6. To the same effect is the decision of the Full Bench of the Allahabad High Court reported in Shah Chaturbhuj v. Shah Mauji Ram, AIR 1938 All, 456 (FB).
7. Apart from the above decisions there is the weighty observation of the Supreme Court in the decision in Nemi Chand v. Edward Mills Co. Ltd., AIR 1953 SC 28 at page 32 :--
'Perhaps it may be possible to reconcile the provisions of the two statutes by holding that the finality declared by Section 12 of the Court-fees Act means that the parties cannot impugn such a decision by preferring an appeal but that it does not confer on such decisions a complete immunity from examination in a higher Court. In other words, Section 12 when it says that such a decision shall be final between the parties only makes the decision of the Court on a question of court-fee non-appealable and places it on the same footing as other interlocutory non-appealable orders under the Code and it does no more than that. If a decision under Section 12 is reached by assuming jurisdiction which the Court does not possess or without observing the formalities which are prescribed for reaching such a decision, the order obviously would be revisable by the High Court in the exercise of revisional powers.'
We therefore hold that this revision petition is maintainable.
8. Passing on to the second point formulated above, the question is whether the fourth proviso to Clause (b) of Sub-section (1) of Section 22 should be read as contended by counsel on behalf of the revision petitioner. This proviso was introduced by the Kerala Agriculturists Debt Relief (Amendment) Act, 1960, (Act 2 of 1961). This Act was published in the Gazette on 30-1-1961. Section 1 of Act 2 of 1961 provides that the Act shall be deemed to have come into force on the 14th day of July 1958. This is the date on which the amended Act had come into force. Several amendments have been introduced by Act 2 of 1961 and the most material one for the purpose of this case is the amendment to Section 22 (1). By this amendment, even when immovable property had been sold for arrears of rent of michavaram, an application under that section became possible. Before the amendment an application under that section would lie only when an immovable property was sold for the recovery of a 'debt' as denned in the Act and this term did not include arrears of rent or michavaram. In this case the decree was for arrears of rent. The execution sale however took place only on 15-3-1961 and the application was made on the 6th of April that year.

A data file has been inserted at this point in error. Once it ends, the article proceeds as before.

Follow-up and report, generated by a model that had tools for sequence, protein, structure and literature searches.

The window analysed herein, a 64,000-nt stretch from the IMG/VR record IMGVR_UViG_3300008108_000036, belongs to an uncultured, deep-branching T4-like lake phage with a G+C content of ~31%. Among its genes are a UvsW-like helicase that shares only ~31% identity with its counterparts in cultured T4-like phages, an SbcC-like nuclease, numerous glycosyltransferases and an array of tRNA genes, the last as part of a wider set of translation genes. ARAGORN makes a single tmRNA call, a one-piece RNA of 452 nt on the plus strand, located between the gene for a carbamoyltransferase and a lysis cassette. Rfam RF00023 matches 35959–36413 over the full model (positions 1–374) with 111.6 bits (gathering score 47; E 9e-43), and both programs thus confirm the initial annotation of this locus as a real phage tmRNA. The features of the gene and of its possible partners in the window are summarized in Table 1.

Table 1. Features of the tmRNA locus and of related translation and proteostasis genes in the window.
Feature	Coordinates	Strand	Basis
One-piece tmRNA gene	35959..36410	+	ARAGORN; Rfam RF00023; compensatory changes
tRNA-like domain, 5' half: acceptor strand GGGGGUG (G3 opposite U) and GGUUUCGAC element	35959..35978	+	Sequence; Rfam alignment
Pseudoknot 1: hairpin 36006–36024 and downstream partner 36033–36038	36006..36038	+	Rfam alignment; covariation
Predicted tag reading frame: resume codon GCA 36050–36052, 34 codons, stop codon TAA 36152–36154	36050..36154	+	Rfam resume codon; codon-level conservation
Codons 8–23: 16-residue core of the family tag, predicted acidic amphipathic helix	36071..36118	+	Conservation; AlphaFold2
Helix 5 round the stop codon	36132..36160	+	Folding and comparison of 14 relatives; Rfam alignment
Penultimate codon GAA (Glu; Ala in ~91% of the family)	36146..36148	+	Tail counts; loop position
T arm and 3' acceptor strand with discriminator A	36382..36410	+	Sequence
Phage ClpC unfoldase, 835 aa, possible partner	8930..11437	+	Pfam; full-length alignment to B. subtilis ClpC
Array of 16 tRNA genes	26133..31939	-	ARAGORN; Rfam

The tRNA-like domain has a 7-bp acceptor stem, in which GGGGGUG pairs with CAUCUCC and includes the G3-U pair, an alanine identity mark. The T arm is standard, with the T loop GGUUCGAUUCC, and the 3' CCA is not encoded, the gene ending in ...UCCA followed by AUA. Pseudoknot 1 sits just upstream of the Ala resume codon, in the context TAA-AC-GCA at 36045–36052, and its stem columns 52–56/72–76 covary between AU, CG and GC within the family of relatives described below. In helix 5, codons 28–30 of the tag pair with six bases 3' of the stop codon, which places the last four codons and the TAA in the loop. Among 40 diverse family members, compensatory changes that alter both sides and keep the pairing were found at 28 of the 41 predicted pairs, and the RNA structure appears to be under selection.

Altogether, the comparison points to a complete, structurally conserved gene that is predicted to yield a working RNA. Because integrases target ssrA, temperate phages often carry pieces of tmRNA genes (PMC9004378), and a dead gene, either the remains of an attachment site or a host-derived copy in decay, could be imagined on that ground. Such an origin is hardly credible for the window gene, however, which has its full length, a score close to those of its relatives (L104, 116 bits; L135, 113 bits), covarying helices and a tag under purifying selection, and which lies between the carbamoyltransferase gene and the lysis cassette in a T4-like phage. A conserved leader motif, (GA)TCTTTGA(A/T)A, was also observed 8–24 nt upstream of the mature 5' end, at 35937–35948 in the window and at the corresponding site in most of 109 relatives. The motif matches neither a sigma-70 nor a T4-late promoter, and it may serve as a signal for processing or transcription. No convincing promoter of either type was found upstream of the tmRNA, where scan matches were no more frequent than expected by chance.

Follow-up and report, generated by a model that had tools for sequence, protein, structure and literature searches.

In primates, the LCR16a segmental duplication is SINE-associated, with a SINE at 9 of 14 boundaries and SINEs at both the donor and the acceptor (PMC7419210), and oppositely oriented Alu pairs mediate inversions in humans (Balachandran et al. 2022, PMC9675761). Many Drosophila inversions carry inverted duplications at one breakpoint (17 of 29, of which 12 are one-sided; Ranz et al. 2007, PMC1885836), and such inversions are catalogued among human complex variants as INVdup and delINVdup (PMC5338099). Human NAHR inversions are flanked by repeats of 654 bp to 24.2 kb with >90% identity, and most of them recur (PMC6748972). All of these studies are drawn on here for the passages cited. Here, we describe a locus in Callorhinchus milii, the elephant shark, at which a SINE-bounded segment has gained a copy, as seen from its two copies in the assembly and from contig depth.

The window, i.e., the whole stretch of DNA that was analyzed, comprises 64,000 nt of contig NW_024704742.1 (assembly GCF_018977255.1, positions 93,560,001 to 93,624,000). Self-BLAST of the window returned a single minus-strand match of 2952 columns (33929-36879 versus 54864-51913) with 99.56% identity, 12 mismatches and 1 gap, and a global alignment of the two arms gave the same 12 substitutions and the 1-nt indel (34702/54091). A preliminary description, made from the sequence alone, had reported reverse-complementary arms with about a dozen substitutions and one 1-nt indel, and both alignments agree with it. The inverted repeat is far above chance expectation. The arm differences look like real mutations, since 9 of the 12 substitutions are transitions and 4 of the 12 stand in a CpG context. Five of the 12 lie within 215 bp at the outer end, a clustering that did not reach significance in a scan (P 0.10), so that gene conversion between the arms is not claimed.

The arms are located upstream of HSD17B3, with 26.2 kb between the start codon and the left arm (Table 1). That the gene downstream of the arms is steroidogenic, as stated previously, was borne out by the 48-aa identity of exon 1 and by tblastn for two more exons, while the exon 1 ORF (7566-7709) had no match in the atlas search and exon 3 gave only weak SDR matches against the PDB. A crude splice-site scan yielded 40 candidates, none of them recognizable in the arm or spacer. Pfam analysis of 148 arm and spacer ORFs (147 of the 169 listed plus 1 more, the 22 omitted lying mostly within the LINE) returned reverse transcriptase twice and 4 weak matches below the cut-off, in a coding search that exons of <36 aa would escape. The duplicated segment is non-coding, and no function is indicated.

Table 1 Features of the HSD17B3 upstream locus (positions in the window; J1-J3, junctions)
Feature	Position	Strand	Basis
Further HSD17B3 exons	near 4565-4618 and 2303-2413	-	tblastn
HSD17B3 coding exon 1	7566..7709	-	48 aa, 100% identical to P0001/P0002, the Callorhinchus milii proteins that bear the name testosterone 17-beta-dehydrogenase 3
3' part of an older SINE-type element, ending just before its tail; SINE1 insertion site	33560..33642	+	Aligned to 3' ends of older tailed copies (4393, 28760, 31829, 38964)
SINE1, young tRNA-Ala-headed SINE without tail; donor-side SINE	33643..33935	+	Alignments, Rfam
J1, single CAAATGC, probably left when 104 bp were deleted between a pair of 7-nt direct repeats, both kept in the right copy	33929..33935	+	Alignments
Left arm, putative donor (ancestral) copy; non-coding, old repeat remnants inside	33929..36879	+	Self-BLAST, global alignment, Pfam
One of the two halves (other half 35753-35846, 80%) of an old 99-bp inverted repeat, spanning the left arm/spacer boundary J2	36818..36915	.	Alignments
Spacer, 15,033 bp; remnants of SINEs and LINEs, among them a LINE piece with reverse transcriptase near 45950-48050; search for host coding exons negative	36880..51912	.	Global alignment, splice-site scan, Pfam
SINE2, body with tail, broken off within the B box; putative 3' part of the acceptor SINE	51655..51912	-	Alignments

9. Counsel on behalf of the revision petitioner wants us to read the proviso,
'Provided also that in the case of a sale in execution of a decree for tha realisation of arrears of rent or michavaram the application under this sub-section for setting aside the sale may be made at any time within one year from the commencement of this Act.' in the following manner :
'Provided also that in the case of a sale in execution of a decree for the realisation of arrears of rent or michavaram the application under this sub-section for setting aside the sale may be made at any time within one year from the date of publication of Act 2 of 1961.'